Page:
Bragg Set to Be Manhattan’s Next D.A., and a Potential Trump Scourge


Together with his main rival, Tali Farhadian Weinstein, conceding, Alvin Bragg is poised to lead the investigation into Donald J. Trump’s family business.

Alvin Bragg, a career prosecutor with experience taking on white-collar crime and corruption, is poised to become Manhattan’s next district attorney, work that will include overseeing probably the most prominent and contentious criminal case in the United States: the prosecution of former President Donald J. Trump’s family business.

Given the overwhelming edge Democrats hold in Manhattan, Mr. Bragg is heavily favored to win the overall election in November after his foremost opponent in the Democratic primary, Tali Farhadian Weinstein, conceded on Friday.

If he wins, Mr. Bragg would instantly take over a high-stakes inquiry that on Thursday yielded a 15-count indictment against the Trump Organization , the Trump family business, and one of its key executives , Allen Weisselberg.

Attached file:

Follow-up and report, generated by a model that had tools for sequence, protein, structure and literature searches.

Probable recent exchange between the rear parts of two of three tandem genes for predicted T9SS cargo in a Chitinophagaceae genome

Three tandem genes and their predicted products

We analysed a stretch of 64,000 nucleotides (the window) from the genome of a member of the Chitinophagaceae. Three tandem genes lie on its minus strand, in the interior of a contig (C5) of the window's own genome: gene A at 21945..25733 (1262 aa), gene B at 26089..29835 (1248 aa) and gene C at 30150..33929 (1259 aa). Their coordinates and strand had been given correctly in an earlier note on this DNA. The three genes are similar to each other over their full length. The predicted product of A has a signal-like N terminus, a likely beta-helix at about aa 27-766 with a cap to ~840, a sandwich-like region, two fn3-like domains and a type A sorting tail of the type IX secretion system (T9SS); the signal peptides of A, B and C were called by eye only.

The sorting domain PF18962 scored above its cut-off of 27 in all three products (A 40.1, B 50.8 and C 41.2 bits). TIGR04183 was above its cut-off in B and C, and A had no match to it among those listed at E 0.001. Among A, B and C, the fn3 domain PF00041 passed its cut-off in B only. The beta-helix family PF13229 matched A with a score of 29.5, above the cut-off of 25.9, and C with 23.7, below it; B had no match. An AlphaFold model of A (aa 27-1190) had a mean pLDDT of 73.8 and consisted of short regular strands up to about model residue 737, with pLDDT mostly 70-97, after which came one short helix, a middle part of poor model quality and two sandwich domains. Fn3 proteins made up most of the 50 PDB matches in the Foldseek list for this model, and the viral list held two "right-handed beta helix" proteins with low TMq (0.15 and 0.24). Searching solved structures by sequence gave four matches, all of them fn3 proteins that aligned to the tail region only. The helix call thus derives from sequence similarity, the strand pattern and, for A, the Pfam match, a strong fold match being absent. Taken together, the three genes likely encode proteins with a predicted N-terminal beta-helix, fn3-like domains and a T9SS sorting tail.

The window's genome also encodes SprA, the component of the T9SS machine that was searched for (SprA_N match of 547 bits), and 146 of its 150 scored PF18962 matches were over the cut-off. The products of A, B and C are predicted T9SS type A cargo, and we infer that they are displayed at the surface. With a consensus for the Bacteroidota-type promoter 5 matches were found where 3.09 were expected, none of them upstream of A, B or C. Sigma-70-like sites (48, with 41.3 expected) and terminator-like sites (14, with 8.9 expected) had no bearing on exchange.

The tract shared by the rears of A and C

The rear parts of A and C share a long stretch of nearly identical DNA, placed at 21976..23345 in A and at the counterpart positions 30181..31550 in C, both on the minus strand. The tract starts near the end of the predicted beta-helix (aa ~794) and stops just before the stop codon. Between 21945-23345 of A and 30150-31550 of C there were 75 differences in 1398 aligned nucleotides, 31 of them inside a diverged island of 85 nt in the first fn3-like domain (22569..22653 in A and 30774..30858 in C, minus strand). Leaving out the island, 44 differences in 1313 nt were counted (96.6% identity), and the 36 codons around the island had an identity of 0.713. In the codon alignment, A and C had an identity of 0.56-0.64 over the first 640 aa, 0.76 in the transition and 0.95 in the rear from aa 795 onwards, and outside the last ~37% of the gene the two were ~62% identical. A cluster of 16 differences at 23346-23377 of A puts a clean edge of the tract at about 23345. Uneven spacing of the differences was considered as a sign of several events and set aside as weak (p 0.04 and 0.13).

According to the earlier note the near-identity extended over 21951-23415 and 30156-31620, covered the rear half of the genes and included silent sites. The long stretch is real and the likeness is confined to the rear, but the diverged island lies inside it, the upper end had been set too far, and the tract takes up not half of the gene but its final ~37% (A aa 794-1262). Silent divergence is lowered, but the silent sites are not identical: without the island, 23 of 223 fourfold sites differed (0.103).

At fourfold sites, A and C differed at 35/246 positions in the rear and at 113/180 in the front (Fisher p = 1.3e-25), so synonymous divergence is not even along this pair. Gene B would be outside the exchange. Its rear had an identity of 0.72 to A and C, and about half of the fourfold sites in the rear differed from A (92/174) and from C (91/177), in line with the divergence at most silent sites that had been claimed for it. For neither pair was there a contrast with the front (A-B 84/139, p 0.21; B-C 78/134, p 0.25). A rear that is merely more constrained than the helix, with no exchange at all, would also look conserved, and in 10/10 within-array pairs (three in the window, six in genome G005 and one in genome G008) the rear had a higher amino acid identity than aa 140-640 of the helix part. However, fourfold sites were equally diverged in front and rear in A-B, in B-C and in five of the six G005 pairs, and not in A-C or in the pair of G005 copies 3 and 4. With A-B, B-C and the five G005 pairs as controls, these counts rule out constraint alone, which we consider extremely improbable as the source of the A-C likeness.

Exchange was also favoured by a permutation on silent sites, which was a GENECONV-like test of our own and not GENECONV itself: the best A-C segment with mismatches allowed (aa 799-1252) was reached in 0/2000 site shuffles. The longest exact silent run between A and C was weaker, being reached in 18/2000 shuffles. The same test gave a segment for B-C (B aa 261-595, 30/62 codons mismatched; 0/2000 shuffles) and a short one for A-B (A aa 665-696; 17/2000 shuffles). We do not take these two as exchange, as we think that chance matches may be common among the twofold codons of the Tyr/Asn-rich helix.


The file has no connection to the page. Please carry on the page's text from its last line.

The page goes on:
The indictment charged Mr. Weisselberg in a scheme to avoid paying taxes on close to $1. 8 million in benefits and bonuses and the company with profiting from his so-called actions. The charges were the first of what is actually a number of others in the long-running inquiry which will continue steadily to focus on Mr. Trump’s company, as well as the former president himself.

Mr. Weisselberg is under pressure to cooperate with the investigation, but should he win, Mr. Bragg would oversee any trial in the case. Of course, if the investigation into Mr. Trump continues after the tenure of the current district attorney, Cyrus R. Vance Jr., ends in January, Mr. Bragg will be in charge.

In an interview, Mr. Bragg acknowledged the highly consequential nature of the investigation into Mr. Trump, but he said he was equally dedicated to other important tasks.

“We’re also talking about the gun-trafficking issues, the scope of the entire system and the collateral consequences, ” that he said. “It’s all a profound responsibility. ”

Mr. Bragg, 47, would be the first Black person to lead an office that still prosecutes more Black people than members of any other racial group. During the campaign, he sought to balance concerns about public safety with a vision for a more equitable criminal justice system.